The holy grail for ad retargeting is making display ads perform like search. Ad retargeting companies have mastered the ability to find consumers, but when to retarget and what have become the most complex tasks to accomplish for platform providers.
With a new tagline -- expand your search -- Criteo has added search retargeting to its product road map. Company president Greg Coleman briefly describes it as an offering that sounds similar to Magnetic, which relies on search data to retarget display ads. Today Criteo supports "image" or dynamic banner ad retargeting.
Coleman, a former Yahoo executive, and Huffington Post president, took the helm at Criteo in April. Although not all attributable to his direction, the company grew revenue by 185% to $200 million in the first six months of 2011. Now the revenue goal is reaching $400 million by the end of 2012.
Doubling revenue might seem like an ambitious goal, but renewal rates in Europe stand at 97%, which suggests marketers like the somewhat different business model. Criteo, founded in Paris, buys inventory from publishers at CPM and sells that ad space to brands at a cost per click, supporting 1,200 clients worldwide with a slightly different business model.
Most ad networks, trading desks and demand-side platforms buy and sell on CPMs. The company does business in 20 countries, most recently in Brazil, Japan, Korea and Australia.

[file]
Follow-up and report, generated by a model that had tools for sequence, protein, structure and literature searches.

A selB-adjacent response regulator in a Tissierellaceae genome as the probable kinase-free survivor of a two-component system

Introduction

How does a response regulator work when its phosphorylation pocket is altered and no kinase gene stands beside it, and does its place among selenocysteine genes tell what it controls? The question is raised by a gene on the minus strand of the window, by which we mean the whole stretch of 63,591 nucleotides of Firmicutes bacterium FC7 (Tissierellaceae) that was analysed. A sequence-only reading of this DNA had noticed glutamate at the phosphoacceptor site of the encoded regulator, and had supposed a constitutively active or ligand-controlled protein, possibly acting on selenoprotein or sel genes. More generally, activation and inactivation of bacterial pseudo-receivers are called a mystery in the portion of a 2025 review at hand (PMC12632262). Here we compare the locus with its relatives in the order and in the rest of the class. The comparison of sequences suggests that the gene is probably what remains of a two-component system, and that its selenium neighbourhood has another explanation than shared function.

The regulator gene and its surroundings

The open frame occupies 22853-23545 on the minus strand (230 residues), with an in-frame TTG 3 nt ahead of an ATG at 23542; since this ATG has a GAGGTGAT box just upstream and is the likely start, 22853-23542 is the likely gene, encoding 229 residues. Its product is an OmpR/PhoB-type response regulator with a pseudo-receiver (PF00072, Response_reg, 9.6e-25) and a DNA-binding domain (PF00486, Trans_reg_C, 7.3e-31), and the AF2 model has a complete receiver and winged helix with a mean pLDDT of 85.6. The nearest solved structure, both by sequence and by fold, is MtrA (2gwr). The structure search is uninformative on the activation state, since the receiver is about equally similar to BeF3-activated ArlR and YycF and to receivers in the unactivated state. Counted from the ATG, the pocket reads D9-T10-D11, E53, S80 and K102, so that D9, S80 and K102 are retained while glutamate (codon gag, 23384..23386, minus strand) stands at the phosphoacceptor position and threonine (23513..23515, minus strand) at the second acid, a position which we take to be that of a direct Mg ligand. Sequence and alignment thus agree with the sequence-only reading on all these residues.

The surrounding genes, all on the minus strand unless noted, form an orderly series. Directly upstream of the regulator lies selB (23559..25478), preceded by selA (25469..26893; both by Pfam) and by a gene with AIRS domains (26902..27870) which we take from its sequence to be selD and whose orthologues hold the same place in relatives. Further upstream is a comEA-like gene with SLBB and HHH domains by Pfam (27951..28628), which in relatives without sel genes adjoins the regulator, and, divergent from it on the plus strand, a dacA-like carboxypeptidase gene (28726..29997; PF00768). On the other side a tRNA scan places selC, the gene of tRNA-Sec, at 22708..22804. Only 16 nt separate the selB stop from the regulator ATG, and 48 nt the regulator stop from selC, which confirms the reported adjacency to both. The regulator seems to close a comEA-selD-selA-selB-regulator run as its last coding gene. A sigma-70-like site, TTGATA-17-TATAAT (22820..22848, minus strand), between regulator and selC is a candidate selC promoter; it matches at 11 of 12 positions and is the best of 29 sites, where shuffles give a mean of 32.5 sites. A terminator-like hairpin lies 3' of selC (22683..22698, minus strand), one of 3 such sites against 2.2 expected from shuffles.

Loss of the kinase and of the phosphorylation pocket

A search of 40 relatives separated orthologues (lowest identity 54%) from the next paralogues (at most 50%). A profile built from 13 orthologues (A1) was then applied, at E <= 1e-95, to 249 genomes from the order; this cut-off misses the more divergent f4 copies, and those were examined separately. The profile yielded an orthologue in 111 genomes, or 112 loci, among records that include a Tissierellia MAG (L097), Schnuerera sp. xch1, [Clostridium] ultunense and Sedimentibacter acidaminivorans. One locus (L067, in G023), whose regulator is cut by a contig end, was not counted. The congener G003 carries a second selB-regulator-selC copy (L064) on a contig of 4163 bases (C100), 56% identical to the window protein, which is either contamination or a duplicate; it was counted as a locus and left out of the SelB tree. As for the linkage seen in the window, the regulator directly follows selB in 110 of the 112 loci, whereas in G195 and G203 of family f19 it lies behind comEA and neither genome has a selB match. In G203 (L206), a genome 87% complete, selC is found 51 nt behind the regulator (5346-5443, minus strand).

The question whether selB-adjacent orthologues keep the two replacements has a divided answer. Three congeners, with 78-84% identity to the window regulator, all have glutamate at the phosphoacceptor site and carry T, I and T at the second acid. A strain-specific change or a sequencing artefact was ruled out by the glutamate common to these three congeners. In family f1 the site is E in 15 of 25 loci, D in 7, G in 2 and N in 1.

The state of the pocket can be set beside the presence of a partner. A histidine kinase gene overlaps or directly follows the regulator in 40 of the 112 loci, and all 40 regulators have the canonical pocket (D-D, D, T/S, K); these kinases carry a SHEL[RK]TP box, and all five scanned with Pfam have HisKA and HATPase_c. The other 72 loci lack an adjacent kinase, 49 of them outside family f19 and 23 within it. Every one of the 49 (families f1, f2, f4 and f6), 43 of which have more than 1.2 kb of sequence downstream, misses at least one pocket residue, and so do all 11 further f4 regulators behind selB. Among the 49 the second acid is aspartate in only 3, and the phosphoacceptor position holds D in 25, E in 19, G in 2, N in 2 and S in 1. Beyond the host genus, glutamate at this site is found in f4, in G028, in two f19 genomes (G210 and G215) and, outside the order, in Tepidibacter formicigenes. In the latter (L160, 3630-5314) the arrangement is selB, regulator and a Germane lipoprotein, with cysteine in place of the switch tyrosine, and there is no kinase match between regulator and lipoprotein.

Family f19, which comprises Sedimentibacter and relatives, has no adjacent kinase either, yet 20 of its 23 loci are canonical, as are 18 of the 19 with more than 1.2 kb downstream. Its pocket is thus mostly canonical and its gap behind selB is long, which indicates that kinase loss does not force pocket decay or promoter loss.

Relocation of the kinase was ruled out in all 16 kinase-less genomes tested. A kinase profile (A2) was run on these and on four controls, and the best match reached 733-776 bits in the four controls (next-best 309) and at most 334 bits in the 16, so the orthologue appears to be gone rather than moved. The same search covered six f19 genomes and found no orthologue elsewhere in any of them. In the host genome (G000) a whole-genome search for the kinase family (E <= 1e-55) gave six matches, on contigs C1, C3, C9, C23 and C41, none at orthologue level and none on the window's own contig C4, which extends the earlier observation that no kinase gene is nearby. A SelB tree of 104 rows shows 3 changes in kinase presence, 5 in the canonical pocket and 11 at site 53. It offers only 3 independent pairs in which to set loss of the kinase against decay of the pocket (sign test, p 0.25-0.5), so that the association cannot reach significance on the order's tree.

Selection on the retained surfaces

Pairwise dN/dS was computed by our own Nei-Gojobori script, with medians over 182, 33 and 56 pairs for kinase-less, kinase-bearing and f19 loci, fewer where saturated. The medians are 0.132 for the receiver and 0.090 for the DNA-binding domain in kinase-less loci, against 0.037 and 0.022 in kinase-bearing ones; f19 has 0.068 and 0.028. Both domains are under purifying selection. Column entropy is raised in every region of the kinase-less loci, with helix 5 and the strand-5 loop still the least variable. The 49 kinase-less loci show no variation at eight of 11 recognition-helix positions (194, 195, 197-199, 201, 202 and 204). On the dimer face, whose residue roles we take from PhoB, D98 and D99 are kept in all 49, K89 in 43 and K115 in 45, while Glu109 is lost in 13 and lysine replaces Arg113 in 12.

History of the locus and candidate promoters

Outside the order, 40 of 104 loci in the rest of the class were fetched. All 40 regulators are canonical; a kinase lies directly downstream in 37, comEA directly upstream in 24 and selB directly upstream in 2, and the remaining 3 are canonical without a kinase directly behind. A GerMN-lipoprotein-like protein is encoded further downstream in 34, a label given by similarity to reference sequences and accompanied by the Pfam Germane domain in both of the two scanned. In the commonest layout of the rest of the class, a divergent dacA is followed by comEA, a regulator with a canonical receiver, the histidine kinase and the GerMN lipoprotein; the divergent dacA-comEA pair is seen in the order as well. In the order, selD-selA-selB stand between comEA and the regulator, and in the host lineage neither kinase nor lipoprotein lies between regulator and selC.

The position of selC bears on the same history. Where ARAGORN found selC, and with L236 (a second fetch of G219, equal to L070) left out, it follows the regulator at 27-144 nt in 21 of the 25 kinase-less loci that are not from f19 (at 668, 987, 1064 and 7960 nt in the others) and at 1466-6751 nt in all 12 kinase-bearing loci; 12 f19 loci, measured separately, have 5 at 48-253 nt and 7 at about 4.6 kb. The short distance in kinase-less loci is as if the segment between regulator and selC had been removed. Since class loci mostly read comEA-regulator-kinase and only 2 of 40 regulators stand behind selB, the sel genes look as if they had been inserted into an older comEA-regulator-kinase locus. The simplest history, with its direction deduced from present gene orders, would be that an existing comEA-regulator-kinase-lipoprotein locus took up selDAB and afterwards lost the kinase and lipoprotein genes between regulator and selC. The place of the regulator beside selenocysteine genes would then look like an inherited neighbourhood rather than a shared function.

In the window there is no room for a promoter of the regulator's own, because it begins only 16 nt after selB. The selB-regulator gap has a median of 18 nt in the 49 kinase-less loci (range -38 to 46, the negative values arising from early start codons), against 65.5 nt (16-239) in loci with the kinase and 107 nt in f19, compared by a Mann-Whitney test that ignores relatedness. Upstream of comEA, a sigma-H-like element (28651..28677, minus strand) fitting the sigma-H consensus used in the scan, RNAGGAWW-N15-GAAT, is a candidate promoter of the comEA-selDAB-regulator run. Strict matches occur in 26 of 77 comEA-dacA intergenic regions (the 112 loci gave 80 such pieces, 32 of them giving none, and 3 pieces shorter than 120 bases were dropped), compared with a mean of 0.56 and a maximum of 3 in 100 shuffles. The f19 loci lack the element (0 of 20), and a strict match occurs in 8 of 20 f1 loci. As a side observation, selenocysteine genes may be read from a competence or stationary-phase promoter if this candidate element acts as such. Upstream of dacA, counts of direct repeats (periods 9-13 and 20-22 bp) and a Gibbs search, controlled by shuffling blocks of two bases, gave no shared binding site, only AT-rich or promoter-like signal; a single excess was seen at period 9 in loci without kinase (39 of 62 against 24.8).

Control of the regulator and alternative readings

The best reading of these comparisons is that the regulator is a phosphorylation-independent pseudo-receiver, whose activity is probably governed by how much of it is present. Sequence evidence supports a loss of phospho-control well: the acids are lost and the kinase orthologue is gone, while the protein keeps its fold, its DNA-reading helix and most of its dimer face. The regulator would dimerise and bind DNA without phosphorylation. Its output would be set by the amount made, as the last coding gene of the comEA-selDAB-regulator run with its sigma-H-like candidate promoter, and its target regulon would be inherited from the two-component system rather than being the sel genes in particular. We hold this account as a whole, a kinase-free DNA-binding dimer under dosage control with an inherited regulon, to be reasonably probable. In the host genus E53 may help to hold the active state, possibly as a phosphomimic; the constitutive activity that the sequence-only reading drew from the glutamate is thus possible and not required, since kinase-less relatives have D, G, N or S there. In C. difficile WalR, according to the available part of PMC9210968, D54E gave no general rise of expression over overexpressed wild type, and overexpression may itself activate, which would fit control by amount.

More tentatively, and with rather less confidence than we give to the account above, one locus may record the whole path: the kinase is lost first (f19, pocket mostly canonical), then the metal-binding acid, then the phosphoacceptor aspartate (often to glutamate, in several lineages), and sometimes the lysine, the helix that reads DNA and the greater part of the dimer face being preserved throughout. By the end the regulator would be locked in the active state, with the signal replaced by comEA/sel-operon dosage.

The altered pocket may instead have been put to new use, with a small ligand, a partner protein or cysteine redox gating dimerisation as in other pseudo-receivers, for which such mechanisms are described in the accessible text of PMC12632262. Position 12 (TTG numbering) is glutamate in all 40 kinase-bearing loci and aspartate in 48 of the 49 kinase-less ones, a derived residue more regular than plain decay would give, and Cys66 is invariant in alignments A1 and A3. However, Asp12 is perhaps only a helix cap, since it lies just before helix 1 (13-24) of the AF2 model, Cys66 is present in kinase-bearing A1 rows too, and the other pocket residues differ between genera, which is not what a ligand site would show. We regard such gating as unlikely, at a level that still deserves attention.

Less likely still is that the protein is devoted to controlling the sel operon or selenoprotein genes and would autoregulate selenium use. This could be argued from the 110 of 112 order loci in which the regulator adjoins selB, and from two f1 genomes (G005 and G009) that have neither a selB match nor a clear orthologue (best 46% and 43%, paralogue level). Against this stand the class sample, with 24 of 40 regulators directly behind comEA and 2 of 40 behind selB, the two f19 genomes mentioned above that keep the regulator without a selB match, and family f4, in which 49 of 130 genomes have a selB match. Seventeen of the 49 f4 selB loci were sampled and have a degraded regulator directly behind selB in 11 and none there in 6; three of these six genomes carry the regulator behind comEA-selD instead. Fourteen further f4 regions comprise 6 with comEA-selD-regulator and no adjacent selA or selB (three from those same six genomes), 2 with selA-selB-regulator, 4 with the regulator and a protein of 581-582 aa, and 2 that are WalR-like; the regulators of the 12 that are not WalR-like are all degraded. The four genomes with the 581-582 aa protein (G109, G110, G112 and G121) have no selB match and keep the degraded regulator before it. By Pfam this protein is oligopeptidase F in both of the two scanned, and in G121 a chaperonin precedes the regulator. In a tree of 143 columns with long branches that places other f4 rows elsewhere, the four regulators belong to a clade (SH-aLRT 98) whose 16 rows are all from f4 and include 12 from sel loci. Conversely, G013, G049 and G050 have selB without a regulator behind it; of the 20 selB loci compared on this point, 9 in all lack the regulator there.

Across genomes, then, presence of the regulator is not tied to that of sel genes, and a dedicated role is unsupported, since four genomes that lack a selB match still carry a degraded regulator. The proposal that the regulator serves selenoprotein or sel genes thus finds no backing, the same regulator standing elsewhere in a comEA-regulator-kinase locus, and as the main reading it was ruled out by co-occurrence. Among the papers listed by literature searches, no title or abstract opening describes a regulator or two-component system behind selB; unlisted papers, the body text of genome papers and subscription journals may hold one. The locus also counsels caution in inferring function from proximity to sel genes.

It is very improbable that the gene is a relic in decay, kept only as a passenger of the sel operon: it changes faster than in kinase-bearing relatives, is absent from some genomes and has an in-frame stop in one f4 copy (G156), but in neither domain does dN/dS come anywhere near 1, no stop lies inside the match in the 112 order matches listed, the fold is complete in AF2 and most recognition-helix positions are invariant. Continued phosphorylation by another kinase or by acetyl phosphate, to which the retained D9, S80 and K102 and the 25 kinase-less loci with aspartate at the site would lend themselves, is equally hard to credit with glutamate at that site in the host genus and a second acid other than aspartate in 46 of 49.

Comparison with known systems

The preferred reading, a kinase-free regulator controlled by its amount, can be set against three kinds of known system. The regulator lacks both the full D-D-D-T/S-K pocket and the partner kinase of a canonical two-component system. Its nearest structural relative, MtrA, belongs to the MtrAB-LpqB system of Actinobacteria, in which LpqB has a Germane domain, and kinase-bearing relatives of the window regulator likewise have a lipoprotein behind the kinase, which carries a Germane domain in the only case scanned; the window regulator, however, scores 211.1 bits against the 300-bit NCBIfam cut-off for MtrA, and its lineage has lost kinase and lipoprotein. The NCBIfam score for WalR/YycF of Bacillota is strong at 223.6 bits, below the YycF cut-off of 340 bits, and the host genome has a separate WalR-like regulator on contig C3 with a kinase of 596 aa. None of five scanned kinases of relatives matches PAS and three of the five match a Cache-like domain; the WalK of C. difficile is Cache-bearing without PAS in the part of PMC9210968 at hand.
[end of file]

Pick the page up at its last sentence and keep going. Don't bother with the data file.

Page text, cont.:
The big challenge, however, becomes growing the 12% ad revenue that the U.S. contributes to worldwide sales. It means getting above the "500 companies making noise claiming to have magic," Coleman said. The companies include ad networks, ad exchanges and others, such as Yahoo's Dapper, Dotomi and Fetchback.
Personalized retargeting seems promising in the U.S. Over at Yahoo, travel clients have seen a 104% lift in conversion rates, and a 97% rise in sales revenue using a tactic that pays more attention to matching audience segments with creative pieces, according to Forrester Research.
Aside from rising above the competitive noise to grow U.S. market share, Criteo could find it challenging to get smaller companies to allocate resources to integrate Criteo's technology into their back-end infrastructure. Criteo, which employs about 175 engineers, allocates resources for companies to integrate the technology or works with them to provide funding for consultants to get the job done.
"We have our heads down looking to build a more than $1 billion revenue business within the next few years," Coleman said, commenting on Criteo's investment strategy. "Getting the U.S. up to speed would be something everyone would look for in the public markets, if we were to take the company public."
Last month, Criteo secured liquidity for early employees from two previous venture capital investors. Coleman declined to provide the company's valuation or the percentage of revenue it will allocate toward building out new technology. He added: "We're doing here what we didn't do at Yahoo."